Fusing The 1960’s And 1990’s In Smooth Criminals #2
by Josh Davison
[*Mild Spoilers Ahead!]
We jump back to 1969, the night of one of Mia’s scores before returning to the present, well 1999. Brenda has to go to work, but she leaves Mia nearby to learn the ways of 1999. Mia wants to just go back to her own time and finish her heist of the Net of Indra from someone called the Ice Man (ice referencing diamonds in this case). After a day of work, Mia forces Brenda to hunt down the time machine she found. However, when the return to the store room, it’s gone.
Smooth Criminals #2 allows us to learn some of Mia’s history while allowing us to see how she and Brenda get along. There are some clashes, but they become allies quickly.
Both women are innately dissatisfied with the state of their lives, with Mia constantly striving for more and Brenda having been left in the dust of her dreams.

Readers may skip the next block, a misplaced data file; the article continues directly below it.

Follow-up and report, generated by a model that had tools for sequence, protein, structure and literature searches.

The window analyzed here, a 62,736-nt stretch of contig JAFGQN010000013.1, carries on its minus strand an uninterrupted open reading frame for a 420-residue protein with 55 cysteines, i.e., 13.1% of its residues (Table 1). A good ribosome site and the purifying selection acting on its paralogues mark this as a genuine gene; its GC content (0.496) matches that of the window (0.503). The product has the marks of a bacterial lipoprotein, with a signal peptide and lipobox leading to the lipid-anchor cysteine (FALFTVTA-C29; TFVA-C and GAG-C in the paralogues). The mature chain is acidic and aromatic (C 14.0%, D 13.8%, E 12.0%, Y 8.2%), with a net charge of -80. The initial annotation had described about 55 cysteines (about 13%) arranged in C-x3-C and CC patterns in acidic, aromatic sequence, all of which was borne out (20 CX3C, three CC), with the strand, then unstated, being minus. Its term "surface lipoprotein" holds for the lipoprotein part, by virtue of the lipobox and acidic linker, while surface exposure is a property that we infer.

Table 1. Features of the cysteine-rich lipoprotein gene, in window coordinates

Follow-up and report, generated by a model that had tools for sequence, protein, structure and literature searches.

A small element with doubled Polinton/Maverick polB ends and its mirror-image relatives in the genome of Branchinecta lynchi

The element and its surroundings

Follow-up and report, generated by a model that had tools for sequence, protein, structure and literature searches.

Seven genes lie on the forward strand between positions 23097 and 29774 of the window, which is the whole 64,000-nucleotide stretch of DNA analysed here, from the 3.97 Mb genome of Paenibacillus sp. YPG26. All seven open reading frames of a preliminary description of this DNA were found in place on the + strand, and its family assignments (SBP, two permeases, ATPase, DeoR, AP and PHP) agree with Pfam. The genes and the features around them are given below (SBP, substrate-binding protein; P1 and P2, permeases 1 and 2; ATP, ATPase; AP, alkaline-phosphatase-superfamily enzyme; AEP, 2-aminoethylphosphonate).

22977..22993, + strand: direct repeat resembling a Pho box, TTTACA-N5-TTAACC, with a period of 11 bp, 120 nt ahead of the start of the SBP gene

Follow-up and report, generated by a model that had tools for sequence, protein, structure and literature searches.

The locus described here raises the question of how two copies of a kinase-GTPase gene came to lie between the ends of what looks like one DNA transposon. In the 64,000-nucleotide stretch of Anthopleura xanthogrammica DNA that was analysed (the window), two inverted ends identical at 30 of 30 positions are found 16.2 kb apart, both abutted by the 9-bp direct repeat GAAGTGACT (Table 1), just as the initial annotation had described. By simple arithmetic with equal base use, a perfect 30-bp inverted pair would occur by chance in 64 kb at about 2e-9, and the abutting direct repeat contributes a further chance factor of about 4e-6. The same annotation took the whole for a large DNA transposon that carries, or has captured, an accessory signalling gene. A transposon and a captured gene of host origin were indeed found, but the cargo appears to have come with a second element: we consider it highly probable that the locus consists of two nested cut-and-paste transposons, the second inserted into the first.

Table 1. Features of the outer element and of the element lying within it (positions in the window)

They make for a charming duo, and the frequent use of 1960’s and 1990’s colloquialisms makes for especially fun dialogue.
The concept of pairing an old-style criminal with one from the internet age is a pretty clever complex on the face of it. That’s before we get to the characters themselves, and, as we’ve already established, Mia and Brenda are great characters.
We get a brief view of some of the potential antagonists of the series too, though we don’t learn a lot about them beyond one being a thief and the other being a scientist.
Leisha Riddel’s artwork is once again dynamic, inclined towards displaying motion, and cute in parts. The visual design is quite solid, and the design of Mia’s catsuit is quite good. Brittany Peer’s color work is vibrant and looks great.
Smooth Criminals #2 is another charming and energetic issue of this fledgling series. Brenda and Mia continue to be entertaining characters, the artwork continues to impress, and this issue earns a recommendation. Check this one out.
Smooth Criminals #2 comes to us from writers Kurt Lustgarten and Kirsten ‘Kiwi’ Smith, artist Leisha Riddel, color artist Brittany Peer, letterer Ed Dukeshire, and cover artist Audrey Mok.